- Ease Into It
To get your child used to the idea of the potty, start by letting her sit on it fully clothed while you explain what it's for. Try reading a book to her or singing a song to keep her sitting on the potty for a longer time.
- Start a Routine
Once your child is comfortable with the potty, take him to use it when he shows signs of needing to urinate or have a bowel movement. You should also have him sit on the potty at regular intervals during the day: when he wakes up and about 20 minutes after meals and snacks. If he doesn't use it after a few minutes, take him off the potty. Don't worry if he has accidents or doesn't go in the potty very often at first.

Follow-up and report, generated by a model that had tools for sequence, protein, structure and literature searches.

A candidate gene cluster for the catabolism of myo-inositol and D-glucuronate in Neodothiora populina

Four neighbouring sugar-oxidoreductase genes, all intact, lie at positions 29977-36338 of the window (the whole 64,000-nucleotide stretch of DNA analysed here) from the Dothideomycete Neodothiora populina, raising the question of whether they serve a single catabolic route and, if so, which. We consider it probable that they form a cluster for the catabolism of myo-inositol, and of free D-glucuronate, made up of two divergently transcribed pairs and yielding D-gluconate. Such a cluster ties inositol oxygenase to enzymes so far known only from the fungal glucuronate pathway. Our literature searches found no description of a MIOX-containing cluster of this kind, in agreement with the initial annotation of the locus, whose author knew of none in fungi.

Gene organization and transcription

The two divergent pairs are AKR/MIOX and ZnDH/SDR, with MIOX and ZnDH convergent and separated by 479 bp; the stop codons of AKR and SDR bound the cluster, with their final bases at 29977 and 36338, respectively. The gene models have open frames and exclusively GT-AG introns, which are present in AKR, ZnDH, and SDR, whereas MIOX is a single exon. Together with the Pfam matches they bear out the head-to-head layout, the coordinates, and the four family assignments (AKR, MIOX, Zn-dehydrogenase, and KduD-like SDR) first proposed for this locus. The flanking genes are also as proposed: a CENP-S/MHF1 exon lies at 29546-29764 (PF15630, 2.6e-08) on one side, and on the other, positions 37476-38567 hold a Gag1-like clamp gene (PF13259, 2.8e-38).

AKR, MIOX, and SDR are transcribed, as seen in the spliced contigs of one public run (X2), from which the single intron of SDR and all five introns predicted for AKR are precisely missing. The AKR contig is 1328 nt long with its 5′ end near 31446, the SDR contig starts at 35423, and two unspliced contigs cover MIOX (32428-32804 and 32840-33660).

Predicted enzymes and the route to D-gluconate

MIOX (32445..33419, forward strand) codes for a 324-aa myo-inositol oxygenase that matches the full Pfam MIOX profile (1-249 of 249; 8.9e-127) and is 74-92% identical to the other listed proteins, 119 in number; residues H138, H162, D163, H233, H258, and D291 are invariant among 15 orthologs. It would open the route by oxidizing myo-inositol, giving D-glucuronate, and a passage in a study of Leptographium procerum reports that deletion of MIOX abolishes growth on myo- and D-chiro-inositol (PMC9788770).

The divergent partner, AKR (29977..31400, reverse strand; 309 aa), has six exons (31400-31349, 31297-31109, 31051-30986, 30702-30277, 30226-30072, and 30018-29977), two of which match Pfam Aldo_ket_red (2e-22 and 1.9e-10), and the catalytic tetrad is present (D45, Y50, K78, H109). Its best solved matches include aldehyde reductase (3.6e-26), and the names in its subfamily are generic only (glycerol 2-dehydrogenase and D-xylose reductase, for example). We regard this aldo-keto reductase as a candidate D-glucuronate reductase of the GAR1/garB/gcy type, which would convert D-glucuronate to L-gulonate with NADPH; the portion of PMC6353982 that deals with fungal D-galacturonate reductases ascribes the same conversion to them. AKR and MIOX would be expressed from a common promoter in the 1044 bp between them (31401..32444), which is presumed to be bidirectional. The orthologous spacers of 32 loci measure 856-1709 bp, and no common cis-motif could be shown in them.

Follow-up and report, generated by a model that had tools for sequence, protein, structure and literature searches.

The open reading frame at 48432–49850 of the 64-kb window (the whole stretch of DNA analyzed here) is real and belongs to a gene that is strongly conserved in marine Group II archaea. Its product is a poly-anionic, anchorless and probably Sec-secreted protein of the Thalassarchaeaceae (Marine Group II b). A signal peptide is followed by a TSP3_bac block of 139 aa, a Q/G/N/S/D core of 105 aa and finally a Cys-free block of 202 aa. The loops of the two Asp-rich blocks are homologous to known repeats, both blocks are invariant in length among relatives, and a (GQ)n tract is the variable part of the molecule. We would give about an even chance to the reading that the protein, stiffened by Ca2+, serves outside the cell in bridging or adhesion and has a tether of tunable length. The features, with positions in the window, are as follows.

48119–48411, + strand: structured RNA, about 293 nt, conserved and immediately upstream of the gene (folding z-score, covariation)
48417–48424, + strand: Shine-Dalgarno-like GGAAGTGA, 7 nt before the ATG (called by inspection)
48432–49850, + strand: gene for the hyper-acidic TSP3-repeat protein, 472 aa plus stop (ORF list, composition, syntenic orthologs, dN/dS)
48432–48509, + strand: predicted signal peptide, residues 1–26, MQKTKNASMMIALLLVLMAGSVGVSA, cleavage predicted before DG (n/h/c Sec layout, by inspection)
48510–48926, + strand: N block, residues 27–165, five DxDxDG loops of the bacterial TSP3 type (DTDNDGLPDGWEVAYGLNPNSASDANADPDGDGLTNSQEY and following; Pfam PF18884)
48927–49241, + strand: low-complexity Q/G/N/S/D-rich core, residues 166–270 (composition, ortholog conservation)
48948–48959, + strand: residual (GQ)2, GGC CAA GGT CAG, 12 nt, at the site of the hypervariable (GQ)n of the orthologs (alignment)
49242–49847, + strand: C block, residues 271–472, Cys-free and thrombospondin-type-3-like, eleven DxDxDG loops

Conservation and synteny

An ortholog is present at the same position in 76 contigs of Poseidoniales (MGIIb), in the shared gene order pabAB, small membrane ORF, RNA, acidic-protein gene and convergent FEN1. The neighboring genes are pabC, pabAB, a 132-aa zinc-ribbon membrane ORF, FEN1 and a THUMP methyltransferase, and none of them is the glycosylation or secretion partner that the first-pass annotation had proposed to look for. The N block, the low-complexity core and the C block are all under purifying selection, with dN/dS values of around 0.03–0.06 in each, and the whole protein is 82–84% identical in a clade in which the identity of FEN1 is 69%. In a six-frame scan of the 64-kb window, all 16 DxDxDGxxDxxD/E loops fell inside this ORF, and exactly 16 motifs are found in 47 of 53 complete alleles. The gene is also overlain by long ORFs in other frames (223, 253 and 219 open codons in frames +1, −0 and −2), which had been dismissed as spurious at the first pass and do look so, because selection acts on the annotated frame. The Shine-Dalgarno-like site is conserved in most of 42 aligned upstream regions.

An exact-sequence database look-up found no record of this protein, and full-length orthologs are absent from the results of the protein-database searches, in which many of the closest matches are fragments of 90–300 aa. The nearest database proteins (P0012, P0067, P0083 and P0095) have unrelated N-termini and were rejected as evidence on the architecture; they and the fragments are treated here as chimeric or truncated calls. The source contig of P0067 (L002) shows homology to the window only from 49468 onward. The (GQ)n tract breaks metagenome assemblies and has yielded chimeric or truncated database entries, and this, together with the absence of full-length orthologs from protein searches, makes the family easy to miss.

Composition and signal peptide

- Praise Her Successes
Be positive even if she's making slow progress. "That was a good job of pulling your pants down by yourself" or "I'm happy you told me that you needed to use the potty" will keep your child motivated. When she has accidents, clean them up in a matter-of-fact way, and don't criticize her.
- Be a Good Model
Your child may be very curious about how other family members go to the bathroom. Let him observe an older sibling using the toilet, or let him stand in the bathroom with you while you use the toilet.
- Don't Push It
If after several weeks, your child just doesn't seem interested or is getting frustrated, take a break for a while. It takes some children several rounds before they're really ready.
Copyright© 2004. Reprinted with permission from the June 2000 issue of Parents magazine.
All content here, including advice from doctors and other health professionals, should be considered as opinion only. Always seek the direct advice of your own doctor in connection with any questions or issues you may have regarding your own health or the health of others.